Stephen Alomes, When London Calls: The Expatriation of Australian Creative Artists to Britain, Cambridge University Press, Cambridge, 1999
Ann Blainey, I am Melba: A biography, Black Inc., Melbourne, 2008
Elleke Boehmer (ed), Empire Writing: An Anthology of Colonial Literature 1870-1918, Oxford University Press, Oxford, 1998
Michael R. Booth (ed), English Plays of the Nineteenth Century: III Comedies, Oxford University Press, London, 1973
Katharine Brisbane (ed), Entertaining Australia: The Performing Arts as Cultural History, Currency Press, Sydney, 1991
Robin Bruce Lockhart, Reilly: Ace of Spies, Hodder and Stoughton, London, 1967
Kate Carew, ‘Charles Frohman opens his heart at Kate Carew’s private confessional’, New York Tribune, 25 August 1912
C. Haddon Chambers, ‘The American Producer who Lived at Marlow’, New York Times, 17 October 1915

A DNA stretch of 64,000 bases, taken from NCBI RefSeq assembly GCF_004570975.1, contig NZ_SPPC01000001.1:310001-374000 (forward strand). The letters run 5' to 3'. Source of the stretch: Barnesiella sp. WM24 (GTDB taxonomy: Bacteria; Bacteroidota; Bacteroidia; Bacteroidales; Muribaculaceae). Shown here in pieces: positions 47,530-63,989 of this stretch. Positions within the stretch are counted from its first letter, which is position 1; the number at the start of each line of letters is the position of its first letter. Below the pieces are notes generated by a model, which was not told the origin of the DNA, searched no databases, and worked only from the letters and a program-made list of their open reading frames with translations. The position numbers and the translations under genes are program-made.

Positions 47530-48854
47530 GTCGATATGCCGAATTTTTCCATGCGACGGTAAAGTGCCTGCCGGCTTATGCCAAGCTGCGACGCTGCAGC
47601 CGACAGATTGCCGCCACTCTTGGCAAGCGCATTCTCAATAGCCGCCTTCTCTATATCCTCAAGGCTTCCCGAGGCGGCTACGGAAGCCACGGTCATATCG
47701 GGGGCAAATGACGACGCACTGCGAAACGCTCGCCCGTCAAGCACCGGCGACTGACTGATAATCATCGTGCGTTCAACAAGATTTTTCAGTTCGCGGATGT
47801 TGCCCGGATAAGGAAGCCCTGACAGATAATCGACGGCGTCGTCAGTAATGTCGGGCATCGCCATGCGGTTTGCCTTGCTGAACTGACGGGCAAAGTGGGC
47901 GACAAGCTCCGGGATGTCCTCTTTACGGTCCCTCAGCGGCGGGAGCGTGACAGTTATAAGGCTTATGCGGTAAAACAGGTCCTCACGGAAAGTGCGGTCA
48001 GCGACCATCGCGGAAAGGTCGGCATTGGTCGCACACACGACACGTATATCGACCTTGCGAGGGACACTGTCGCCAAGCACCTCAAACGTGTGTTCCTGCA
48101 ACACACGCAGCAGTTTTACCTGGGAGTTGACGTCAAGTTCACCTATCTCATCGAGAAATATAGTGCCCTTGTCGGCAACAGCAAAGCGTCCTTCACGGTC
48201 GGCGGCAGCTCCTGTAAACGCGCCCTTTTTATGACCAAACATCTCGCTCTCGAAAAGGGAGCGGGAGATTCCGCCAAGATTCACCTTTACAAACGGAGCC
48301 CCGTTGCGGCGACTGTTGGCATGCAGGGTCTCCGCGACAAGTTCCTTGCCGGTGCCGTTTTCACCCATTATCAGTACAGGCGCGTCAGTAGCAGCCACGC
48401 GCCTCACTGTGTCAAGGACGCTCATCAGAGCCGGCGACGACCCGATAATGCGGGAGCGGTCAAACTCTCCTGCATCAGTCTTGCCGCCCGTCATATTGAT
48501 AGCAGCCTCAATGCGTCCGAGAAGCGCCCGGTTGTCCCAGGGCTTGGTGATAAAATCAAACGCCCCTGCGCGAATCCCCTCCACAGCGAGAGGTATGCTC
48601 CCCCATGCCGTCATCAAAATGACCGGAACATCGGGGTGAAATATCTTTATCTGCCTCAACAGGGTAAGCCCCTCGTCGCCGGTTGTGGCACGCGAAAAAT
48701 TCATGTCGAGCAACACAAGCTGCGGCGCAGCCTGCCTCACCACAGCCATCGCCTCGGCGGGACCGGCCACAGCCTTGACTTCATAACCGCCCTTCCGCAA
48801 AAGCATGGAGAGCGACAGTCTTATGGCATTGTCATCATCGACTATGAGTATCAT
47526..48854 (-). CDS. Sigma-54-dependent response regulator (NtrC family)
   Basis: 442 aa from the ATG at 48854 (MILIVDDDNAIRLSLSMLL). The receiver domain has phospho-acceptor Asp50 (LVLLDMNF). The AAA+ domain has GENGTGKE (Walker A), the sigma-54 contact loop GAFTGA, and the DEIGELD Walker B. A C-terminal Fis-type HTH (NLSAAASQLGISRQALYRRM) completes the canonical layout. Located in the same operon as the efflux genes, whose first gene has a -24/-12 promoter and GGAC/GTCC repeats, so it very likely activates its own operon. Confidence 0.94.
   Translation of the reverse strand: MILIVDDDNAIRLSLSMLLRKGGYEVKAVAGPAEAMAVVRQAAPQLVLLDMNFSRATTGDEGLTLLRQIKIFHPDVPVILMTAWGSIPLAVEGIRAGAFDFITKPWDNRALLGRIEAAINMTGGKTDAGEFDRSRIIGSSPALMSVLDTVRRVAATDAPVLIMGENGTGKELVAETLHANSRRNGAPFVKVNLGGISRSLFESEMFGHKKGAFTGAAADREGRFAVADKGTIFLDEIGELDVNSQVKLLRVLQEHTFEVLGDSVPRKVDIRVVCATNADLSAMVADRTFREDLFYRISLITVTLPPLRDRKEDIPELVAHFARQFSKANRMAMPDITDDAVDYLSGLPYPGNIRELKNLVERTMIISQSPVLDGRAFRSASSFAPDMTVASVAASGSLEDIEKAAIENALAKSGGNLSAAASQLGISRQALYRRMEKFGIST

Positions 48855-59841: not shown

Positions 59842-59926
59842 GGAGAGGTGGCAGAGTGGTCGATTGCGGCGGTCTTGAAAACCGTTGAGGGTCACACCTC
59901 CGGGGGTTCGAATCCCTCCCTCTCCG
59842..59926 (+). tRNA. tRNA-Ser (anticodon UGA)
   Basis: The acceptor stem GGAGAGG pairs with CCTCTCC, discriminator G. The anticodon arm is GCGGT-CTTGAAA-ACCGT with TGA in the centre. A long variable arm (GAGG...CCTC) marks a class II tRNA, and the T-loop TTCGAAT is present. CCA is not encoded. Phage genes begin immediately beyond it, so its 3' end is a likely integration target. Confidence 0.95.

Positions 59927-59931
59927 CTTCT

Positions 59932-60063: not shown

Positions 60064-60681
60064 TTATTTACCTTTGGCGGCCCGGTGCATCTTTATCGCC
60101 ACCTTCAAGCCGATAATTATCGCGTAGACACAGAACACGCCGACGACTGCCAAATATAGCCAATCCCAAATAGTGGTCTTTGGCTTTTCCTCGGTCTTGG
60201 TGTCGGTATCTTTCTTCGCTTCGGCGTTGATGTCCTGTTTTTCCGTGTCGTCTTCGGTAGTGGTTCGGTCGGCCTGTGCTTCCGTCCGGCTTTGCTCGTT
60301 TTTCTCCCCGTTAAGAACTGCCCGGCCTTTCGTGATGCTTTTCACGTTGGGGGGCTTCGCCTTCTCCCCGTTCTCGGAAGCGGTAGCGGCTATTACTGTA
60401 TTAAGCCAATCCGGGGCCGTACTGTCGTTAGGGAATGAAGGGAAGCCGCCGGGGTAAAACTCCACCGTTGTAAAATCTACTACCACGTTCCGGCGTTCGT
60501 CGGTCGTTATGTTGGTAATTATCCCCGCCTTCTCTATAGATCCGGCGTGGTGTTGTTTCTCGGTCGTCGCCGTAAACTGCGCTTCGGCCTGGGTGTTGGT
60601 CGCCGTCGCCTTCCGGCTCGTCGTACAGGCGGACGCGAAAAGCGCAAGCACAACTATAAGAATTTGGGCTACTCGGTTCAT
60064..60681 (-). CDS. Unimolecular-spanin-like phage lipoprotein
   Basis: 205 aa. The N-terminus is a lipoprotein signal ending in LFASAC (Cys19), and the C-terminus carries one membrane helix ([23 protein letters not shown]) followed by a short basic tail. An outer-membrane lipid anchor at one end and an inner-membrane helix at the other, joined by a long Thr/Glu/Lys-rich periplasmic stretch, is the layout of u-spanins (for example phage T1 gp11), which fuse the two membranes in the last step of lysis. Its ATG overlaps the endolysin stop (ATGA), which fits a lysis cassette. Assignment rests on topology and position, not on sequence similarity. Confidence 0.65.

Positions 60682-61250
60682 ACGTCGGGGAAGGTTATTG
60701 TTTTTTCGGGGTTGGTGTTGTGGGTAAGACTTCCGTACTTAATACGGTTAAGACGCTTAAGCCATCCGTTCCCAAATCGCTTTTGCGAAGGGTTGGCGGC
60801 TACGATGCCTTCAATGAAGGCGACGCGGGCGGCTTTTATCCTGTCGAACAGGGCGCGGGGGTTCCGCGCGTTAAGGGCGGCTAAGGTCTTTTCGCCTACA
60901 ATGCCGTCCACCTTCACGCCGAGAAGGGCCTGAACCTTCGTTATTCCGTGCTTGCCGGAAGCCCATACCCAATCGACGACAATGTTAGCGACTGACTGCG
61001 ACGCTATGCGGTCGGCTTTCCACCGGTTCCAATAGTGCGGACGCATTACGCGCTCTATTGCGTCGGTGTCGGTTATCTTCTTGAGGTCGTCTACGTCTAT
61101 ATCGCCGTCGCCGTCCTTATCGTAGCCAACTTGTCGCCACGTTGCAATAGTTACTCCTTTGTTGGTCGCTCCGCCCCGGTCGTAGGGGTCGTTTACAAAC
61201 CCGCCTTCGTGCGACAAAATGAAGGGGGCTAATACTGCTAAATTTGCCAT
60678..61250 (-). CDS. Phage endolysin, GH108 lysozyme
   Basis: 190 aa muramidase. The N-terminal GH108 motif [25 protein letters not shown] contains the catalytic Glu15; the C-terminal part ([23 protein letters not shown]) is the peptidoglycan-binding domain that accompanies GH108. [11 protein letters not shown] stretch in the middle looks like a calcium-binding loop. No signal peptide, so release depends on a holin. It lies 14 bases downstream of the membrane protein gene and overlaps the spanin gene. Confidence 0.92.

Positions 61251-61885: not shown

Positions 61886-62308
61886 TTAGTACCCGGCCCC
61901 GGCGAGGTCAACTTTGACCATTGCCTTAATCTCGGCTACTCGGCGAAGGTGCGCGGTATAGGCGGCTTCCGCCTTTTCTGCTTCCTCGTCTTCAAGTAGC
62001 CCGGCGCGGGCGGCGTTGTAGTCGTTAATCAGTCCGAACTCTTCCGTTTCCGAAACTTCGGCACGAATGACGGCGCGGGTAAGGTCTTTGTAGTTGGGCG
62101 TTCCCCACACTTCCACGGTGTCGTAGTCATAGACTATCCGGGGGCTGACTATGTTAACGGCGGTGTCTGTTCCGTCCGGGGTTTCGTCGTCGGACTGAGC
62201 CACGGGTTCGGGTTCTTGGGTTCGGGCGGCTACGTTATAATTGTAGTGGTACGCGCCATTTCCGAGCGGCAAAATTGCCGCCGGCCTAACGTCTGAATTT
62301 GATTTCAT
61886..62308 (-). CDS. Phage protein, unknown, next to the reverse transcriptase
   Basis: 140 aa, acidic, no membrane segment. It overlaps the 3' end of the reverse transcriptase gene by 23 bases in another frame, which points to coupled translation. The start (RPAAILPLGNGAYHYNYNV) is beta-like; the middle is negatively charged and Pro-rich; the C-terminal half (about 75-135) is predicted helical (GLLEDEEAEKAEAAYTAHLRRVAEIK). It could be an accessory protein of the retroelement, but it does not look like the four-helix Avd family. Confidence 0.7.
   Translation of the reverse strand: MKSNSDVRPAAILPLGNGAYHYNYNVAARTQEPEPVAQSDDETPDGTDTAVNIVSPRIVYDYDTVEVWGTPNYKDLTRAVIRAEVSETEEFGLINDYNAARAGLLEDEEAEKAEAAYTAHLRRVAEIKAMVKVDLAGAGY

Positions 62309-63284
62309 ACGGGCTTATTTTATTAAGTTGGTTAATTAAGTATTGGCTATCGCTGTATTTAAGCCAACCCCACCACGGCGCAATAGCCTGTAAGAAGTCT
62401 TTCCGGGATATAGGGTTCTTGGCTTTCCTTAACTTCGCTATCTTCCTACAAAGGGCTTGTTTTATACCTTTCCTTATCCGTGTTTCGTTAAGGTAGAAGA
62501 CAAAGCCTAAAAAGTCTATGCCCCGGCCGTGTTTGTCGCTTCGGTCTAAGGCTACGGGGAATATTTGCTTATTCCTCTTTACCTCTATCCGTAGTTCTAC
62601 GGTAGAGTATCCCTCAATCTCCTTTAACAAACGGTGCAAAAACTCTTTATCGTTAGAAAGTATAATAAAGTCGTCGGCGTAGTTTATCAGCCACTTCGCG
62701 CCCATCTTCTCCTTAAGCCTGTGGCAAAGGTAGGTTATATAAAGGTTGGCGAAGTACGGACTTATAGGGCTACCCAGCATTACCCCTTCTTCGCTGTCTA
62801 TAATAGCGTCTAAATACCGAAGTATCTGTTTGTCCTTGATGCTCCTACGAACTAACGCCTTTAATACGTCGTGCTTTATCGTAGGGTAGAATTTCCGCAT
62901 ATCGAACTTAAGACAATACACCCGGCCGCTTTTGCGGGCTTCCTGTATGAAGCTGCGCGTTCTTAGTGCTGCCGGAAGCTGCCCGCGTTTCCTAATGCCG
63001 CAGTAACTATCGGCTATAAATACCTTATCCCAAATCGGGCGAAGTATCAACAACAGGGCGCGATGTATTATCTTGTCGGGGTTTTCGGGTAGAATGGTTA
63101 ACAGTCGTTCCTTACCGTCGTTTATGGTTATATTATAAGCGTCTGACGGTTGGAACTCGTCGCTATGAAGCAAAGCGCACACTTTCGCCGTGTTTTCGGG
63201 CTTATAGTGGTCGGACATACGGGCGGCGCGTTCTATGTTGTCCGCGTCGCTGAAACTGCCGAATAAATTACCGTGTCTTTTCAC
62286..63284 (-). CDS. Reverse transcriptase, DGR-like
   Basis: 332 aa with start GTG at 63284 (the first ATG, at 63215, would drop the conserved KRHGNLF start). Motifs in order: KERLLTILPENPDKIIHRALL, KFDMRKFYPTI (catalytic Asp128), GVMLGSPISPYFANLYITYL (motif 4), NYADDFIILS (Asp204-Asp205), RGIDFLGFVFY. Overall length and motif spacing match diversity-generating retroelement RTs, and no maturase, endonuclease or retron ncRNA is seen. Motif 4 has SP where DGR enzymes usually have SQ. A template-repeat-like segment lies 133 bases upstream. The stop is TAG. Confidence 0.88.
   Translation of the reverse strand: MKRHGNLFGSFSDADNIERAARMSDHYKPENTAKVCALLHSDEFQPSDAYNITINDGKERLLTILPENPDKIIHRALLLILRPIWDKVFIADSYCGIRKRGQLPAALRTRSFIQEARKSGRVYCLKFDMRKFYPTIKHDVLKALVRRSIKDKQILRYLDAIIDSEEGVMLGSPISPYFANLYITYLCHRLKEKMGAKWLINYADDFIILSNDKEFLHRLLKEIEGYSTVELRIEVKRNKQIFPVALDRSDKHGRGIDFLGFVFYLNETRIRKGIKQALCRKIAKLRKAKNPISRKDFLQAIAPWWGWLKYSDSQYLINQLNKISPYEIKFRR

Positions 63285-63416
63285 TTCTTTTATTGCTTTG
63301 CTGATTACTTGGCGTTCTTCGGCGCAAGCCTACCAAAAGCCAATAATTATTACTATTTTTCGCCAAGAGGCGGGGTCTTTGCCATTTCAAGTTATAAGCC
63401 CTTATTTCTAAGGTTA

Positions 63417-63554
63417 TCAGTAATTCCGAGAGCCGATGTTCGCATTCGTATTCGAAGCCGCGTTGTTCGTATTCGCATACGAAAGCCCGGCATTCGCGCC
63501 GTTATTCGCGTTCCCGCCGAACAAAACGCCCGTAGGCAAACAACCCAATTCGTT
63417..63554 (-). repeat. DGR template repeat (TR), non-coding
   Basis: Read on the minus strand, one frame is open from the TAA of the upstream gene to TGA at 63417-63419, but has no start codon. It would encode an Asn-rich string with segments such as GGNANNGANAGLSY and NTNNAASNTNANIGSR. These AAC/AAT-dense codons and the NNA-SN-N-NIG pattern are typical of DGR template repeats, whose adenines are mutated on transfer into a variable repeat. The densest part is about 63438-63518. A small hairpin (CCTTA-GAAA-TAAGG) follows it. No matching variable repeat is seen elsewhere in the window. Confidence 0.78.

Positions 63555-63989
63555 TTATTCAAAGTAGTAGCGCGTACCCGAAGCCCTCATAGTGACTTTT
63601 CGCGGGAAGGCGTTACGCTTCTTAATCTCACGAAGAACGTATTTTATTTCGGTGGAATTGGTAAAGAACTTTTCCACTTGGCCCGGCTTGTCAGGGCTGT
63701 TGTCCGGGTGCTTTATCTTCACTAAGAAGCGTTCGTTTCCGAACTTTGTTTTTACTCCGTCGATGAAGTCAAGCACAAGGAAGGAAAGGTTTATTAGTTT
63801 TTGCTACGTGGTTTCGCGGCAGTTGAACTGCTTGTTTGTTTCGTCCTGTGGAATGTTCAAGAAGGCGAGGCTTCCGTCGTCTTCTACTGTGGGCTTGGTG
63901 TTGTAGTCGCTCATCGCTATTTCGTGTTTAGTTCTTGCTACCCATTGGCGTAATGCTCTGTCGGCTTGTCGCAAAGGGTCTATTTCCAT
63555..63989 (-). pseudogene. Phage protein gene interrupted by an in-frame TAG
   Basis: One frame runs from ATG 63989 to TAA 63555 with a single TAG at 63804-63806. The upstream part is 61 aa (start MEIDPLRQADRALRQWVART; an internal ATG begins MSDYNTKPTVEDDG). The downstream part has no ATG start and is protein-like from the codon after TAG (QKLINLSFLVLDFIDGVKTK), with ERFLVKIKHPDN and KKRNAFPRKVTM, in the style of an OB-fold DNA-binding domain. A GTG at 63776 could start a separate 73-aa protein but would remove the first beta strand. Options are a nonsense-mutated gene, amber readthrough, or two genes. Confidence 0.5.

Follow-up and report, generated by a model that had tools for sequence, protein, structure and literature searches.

C. Haddon Chambers, ‘Thirty Years of Playwriting’, New York Times, 13 October 1918
Percy Colson, Melba: An Unconventional Biography, Grayson & Grayson, London, 1932
Noel Coward, Present Indicative, William Heinemann, London & Toronto, 1937
Maisie Dubosarsky, ‘”Interesting, and unlike other people”: 19th-century popular Australian writers Haddon Chambers and Rosa Praed abroad’, BA honours thesis, University of Sydney, 2009
Sarah Engledow, ‘Suave’, National Portrait Gallery, Canberra, 2010
John Hetherington, Melba: A Biography, Faber and Faber, London, 1967
Seymour Hicks, Night Lights: Two Men Talk of Love and Ladies, Cassell, London, 1938
Eric Irwin, Dictionary of Australian Theatre 1788-1914, Hale and Iremonger, Sydney, 1985
Isaac F. Marcosson and Daniel Frohman, Charles Frohman: Manager and Man, John Lane / The Bodley Head, 1915
W. Somerset Maugham, A Writer’s Notebook, Heinemann, London, 1949
Nellie Melba, Melodies and Memories, Thornton Butterworth, London, 1925
Moran, William R (ed), Nellie Melba: A Contemporary Review, Greenwood, Westport CT, 1985
Agnes G. Murphy, Melba: A Biography, Doubleday Page, New York, 1909